There Is Now Only One State in the Country That Hasn't Challenged Same-Sex Marriage Laws
The news: And then there was one.
On Thursday, six couples filed a federal lawsuit in South Dakota to challenge the state's 2006 constitutional amendment to ban same-sex marriage. South Dakota is now the 30th state to have a pending marriage equality lawsuit, which means that only one state — North Dakota — still has an unchallenged gay marriage ban on the books.
"It's exciting, and for me it's a proud moment to be a part of changing history. And I feel the weight of that — that this is going to affect so many people beyond us," said Nancy Rosenbrahn, one of the South Dakota plaintiffs.
The unstoppable march: The South Dakota lawsuit comes on the heels of more good news for marriage equality advocates; this week, Oregon and Pennsylvania became the 18th and 19th states where same-sex couples can get married (in addition to Washington, D.C.). Federal judges stuck down marriage bans in those states, which officials declined to appeal.
In Illinois, marriage equality will not be enacted statewide until June 1; but couples in Chicago and the surrounding Cook County have been getting married since this February.
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In recent months, federal or state judges in Idaho, Oklahoma, Virginia, Michigan, Texas, Utah and Arkansas found same-sex marriage bans in those states to be unconstitutional. Judges also have ordered Kentucky, Ohio, Tennessee and Indiana to recognize same-sex marriages that were performed in other states; these 11 rulings are all set to be challenged.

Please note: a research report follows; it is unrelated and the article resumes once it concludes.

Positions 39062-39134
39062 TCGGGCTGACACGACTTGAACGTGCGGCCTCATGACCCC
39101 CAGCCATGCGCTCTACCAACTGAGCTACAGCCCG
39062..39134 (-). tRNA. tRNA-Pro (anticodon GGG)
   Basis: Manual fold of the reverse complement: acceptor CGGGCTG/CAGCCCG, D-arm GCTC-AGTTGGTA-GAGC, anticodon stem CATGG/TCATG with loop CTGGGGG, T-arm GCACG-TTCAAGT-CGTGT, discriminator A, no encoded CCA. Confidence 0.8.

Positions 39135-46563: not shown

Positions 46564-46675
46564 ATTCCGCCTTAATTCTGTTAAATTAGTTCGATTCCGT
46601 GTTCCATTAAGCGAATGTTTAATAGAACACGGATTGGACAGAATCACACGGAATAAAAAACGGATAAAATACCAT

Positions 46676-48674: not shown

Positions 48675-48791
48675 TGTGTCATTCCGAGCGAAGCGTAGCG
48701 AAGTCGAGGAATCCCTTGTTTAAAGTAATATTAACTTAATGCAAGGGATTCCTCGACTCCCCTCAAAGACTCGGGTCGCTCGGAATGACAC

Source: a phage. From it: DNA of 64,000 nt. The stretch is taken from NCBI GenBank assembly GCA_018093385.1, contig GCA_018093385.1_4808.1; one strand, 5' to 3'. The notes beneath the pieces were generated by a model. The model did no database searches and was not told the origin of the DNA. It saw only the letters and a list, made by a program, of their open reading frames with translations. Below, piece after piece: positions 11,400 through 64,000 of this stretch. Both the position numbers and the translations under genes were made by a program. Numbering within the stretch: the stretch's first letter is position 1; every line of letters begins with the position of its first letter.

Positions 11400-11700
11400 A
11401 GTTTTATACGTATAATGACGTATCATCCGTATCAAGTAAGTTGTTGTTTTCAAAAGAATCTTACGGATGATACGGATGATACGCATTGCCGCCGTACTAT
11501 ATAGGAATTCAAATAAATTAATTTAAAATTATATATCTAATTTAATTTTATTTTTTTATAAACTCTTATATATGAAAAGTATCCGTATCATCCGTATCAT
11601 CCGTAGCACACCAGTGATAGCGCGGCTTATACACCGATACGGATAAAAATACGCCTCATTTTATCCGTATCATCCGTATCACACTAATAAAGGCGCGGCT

One state to go: Attorney Josh Newville, who filed the South Dakota suit, is considering a similar challenge in North Dakota, which overwhelmingly passed a constitutional amendment to ban same-sex marriage back in 2004.
But it might be a tough road ahead. After all, nearly 75% of North Dakota voters were in favor of the constitutional ban on same-sex marriage. And according to a 2012 Gallup poll, North Dakota has the fewest LGBT residents proportional to its total population: only 1.7 % of residents identified as such. In comparison, the second-lowest percentage was 2.6% in Mississippi, Montana and Tennessee.
"We are very comfortable and confident that the constitutional amendment we have should stand and if for some reason it wouldn't, I'm very comfortable that our attorney general would appeal that," said Tom Freier, the executive director of the North Dakota Family Alliance, which campaigned in favor of 2004 ballot measure.
Still, it can't be denied that marriage equality is slowly but surely taking over the country — and North Dakota may not be able to hold out for much longer.